May 272010

We had a brief meeting with the folks at MindTouch yesterday. As usual, I thought I’d share the highlights of what’s going on with you.


We’re definitely more stable than we were, although we are still having occasional errors. We don’t yet know why, but I’m looking into that and will post again once there’s something to report.

RSS feeds

MindTouch has implemented some new caching support for RSS feeds that they’ve given us a patch for, which we’ll be installing soon. At the same time, we’ll be upgrading to MindTouch 9.12.3, which is apparently arriving shortly. We’re actually already using most of the fixes in that update (there’s only one that we don’t already have).


We also plan, sometime next week, to bump the caching currently in use from “request caching”, which only helps a little bit, to using memcache to cache more usefully. This will also let all our hosts share cached data, instead of each maintaining their own cache.

All of these changes are going to be tested and staged before being deployed, so I don’t have exact dates yet on which you’ll see them take effect.

Performance status

Performance is better than it has been in some time, although it’s clearly got more room for improvement. We’re still chasing stuff related to the RSS feeds right now, but once that’s done, we’ll do another round of profiling to see if we can figure out where we stand.

Hopefully we’ll be able to start re-enabling some of the feeds we’ve shut off after that.

One thing we did already this week is fix an error in our robots.txt file; all spiders were being told to ignore the entire site, instead of just the areas we wanted them to ignore. This hopefully won’t negatively impact performance (it certainly won’t improve it), but should get our search results on Google and the like back up to date.

 Posted by at 12:57 PM
May 262010

Although we’ve actually been working on Gecko 1.9.3 documentation for a while now, we finally now know that these changes will be in Firefox 4. As such, I’ve now set up the Firefox 4 for developers page on the Mozilla Developer Center site; this page will provide links to all Firefox 4 developer documentation.

A few articles have already been written. There’s lots left to do, of course, but we’re making progress. If you see something you’d like to write about, feel free to contribute!

As always, the content of that page is in flux while the feature set of Firefox 4 continues to be adjusted. In addition, it’s obviously too early to be sure exactly what articles will be produced for all the topics at hand, so there are a number of placeholders.

If you’ve contributed code to Gecko or Firefox recently, you may be hearing from me or one of the documentation contributors soon, to gather information about your area of expertise as documentation comes together.

 Posted by at 6:02 PM
May 202010

As I mentioned earlier today, we’ve disabled (for now) all of the RSS feeds on MDC except the site-wide “recent changes” feed.

Even though feeds were being cached, and only refreshed on demand, spiders and bots were causing “on demand” to mean “every time they expired”. And since every page on the site has multiple feeds, and every user has a feed of their contributions, something like 360,000 feeds were being queued for regeneration, meaning that there were pretty much always feeds being regenerated, chewing up lots of CPU.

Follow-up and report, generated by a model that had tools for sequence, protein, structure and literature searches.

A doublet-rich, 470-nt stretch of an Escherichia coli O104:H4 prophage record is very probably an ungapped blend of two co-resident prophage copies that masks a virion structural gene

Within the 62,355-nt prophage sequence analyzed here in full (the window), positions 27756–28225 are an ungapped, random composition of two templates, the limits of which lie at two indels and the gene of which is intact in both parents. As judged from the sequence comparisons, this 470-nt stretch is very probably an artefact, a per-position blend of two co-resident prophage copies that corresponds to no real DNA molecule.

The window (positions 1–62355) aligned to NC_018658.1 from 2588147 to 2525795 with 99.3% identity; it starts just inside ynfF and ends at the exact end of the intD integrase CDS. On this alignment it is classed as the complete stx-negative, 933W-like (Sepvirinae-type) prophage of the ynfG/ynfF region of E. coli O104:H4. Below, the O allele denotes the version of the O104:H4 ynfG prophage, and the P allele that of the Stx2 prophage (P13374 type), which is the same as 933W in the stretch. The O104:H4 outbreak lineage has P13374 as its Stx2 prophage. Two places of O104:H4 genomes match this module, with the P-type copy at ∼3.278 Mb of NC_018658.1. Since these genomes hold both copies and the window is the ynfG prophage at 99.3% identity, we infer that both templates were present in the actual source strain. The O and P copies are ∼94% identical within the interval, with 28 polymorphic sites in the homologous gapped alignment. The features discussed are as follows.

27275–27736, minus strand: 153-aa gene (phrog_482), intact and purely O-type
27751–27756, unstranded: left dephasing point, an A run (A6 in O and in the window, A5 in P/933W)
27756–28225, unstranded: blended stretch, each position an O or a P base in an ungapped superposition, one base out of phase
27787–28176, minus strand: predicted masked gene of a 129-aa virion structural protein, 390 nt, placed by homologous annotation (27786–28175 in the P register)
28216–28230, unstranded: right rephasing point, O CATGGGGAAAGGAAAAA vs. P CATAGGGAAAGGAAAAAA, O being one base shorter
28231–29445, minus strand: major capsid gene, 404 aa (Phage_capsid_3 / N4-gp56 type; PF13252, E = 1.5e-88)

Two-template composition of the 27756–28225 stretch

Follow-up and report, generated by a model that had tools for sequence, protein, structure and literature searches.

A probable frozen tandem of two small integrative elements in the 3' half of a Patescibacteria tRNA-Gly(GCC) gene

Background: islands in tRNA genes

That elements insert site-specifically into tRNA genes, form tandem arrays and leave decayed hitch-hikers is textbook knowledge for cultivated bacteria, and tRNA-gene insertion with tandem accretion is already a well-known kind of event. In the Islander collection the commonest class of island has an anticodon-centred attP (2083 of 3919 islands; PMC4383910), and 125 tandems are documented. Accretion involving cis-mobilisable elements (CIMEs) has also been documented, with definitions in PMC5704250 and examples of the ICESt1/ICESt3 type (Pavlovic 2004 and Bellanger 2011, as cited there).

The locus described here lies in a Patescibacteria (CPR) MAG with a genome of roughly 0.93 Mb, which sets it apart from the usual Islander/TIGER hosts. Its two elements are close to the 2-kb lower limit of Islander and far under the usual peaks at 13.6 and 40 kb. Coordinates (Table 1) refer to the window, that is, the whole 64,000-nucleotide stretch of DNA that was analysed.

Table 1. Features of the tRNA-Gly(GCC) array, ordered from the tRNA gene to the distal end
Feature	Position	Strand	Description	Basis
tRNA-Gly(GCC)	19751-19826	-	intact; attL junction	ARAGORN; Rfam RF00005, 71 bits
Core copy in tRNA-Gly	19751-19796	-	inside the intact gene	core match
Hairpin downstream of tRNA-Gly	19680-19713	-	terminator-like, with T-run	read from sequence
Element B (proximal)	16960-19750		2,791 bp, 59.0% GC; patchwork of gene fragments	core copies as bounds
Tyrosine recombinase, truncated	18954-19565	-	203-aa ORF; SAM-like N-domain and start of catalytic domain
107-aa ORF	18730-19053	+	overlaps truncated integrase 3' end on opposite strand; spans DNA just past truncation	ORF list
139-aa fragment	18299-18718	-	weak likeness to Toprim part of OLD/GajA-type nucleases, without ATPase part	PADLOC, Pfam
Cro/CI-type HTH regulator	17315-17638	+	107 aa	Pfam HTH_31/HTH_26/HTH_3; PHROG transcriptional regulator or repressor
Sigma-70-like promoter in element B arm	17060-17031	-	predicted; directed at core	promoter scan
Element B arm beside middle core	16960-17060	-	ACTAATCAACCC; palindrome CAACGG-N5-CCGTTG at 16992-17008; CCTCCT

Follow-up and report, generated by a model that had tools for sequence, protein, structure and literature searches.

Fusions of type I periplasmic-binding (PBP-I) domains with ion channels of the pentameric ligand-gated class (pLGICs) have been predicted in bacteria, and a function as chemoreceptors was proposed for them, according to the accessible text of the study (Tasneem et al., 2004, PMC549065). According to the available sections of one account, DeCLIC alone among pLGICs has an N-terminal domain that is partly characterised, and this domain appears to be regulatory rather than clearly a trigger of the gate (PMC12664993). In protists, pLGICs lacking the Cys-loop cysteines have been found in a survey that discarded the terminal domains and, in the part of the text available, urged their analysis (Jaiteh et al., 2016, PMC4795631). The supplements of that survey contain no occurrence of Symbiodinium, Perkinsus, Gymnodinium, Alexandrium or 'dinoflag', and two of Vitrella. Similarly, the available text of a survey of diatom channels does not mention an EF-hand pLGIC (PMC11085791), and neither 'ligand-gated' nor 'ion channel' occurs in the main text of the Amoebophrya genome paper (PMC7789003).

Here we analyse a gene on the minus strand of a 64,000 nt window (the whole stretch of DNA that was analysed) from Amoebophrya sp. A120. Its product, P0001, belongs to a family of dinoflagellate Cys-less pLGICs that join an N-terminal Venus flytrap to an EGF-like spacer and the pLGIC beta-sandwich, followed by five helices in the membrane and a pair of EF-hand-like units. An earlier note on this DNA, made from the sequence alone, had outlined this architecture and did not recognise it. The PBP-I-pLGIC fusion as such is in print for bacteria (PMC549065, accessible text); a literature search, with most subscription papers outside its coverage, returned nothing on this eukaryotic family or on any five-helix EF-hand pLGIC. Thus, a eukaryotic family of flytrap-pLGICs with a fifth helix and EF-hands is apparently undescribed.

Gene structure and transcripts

Now, instead of each host constantly having something like 25+ tasks ongoing, never less, each host is averaging more like 3 ongoing tasks at any given time, because they’re not piling up while the system is busy handling RSS feed generation.

Work is ongoing on coming up with a fix for the performance of the feed generation code, so that the other feeds can be re-enabled, but at least we have the main one still.

In the meantime, performance seems quite reasonable. Please let me know if you run into any performance issues, so I can get them looked into.

 Posted by at 5:30 PM
May 202010

In an attempt to make the Mozilla Developer Center generally usable, we’re going to disable most RSS feeds offered by the site, with the exception of the site-wide “recent changes” feed, which we use for monitoring the site for maintenance purposes.

Hopefully this won’t be too huge an inconvenience, and hopefully it will also help performance enough to make the site usable while we pursue a real fix for our feed-related performance problems.

I don’t know yet when this change will occur, but it should be soon.

 Posted by at 11:06 AM
May 192010

We’ve been running on MindTouch 9.12.2 now for about 12 hours, and things seem stable. As long as the RSS feed generators aren’t running, the site is quite fast, but as soon as the feed generator starts working to build a feed whose cache has expired, the CPU gets bogged down pretty mightily.

This is alleviated somewhat by the fact that we’re now running MDC on three hosts instead of two. That said, each individual box still bogs down when any feeds are updating, and there are lots of different feeds. So even though each feed is set to expire after an hour, and only gets rebuilt when someone loads it after it’s expired, it still causes a major performance drain when the feeds do rebuild.